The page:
The show is now down and all the work is safe and snug. Still, sad.
But to commemorate all the victories and show how grateful I am to everyone involved here's a free little downloadable DIY book I drew based on work in the show. Go get it here.
About-faceAcross town this month at The Bridge/PAI, “Leaf and Signal” is a different kind of sea of images. Unlike “Half Life” there is no riptide waiting to pull you under. It is yours to swim in, this placid bay of gorgeous of little mysteries.
The main bit in his column is about Will May's great show up at PVCC here in Charlottesville - the same Will May who helped with hanging LaS. Victories!Local artist Warren Craghead curated this show, which draws from the (apparently robust) world of D.I.Y. publishing, many of whose denizens are in Europe. “The work is close to their life, but not autobiographical in a dramatic way,” says Craghead, who himself contributes to these handmade, mostly Internet-distributed pamphlets.
One highlight: Oliver East, a Manchester-based artist who makes beautiful booklets about his travels along train tracks. His and many other tiny surprises are wheatpasted to the walls of The Bridge/PAI through the end of the month.
by Laura ParsonsHow to measure success? For many artists, the acme is having their work selected for the Whitney Biennial or perhaps profiled in Art Forum. For Warren Craghead III, though, the pinnacle is making art as publicly available as possible. He often leaves post-it drawings on gas pumps and in grocery stores, and he offers do-it-yourself books at his website for people to print and staple themselves.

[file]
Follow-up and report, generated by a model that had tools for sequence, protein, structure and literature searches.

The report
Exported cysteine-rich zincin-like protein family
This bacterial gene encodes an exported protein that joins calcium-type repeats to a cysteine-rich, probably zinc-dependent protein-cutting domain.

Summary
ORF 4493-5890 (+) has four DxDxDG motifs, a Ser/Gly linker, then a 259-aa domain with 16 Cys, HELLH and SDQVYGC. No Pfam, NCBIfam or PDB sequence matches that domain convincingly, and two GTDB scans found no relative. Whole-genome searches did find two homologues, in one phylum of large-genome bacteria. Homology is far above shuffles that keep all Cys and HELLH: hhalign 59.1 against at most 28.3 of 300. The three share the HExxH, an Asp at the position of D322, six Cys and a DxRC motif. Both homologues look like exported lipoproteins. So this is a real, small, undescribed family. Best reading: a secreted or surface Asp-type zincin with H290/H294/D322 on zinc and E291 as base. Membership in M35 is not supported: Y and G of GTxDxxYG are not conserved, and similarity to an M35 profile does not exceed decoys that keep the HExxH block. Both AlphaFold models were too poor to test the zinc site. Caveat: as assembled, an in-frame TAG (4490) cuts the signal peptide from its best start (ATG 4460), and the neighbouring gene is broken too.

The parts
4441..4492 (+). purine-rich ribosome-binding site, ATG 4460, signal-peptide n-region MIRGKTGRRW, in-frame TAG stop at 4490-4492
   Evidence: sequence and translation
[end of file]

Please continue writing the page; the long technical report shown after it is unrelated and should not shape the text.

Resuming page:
This month, Craghead brings together an international group of like-minded artists for the exhibition, “Leaf and Signal,” at The Bridge. Consisting of original works and pages printed from computer files, the show’s artwork comes from books self-published by three individual artists and three collectives, who practice what Craighead calls “lo-fi” publishing. A few of the pieces are framed, but most— and there are hundreds— are plastered to the walls using wheat paste to create the feeling of street art.
“I wanted to kind of overwhelm if I could,” Craghead says.
The floor-to-ceiling mosaic of images on the gallery’s south wall represent Southport, England-based Café Royal, a group helmed by former abstract painter, Craig Atkinson, whose own mixed-media works fill the southern end of the east wall. The overall aesthetic is often raw and cartoonish, but there are moments of refinement, such as the tie-wearing, faceless heads drawn by Daniel Mackintosh in a series that mocks gallery-goers with captions like, “At openings this month, I will behave in an aloof fashion and won’t talk to anyone. I will stand out.”
In contrast to Café Royal’s organized chaos, Kelly Lynn Jones’s San Francisco publishing group, Little Paper Planes, creates meticulous letterpress prints (on view in the main gallery) and complex color works (displayed in the Bridge’s anteroom). Falling somewhere between Jones’s and Atkinson’s approaches is André Lemos’s Opuntia Books, based in Lisbon, Portugal. Lemos, who was last in town for the Craghead-curated SSG show, “Impera et Divide,”— and who painted a mural on the Bridge’s exterior— publishes everything from children’s monster drawings to complex collages in books that often feature unusual aspects like velum overlays or fold-out sculpture.
The individual artists included in “Leaf and Signal” each use books to respond to the physical world. England-based Oliver East creates watercolor and pen-and-ink impressions of his travels for his series “Trains are…Mint.” Franklin Einspruch also paints personal experiences, often supplementing his watercolor images with haiku-like poems. Meanwhile visual poet Geof Huth plays with typography and also photographs environmental poems he composes.
For Craghead, artistic success is literally— and literarily— about public exposure.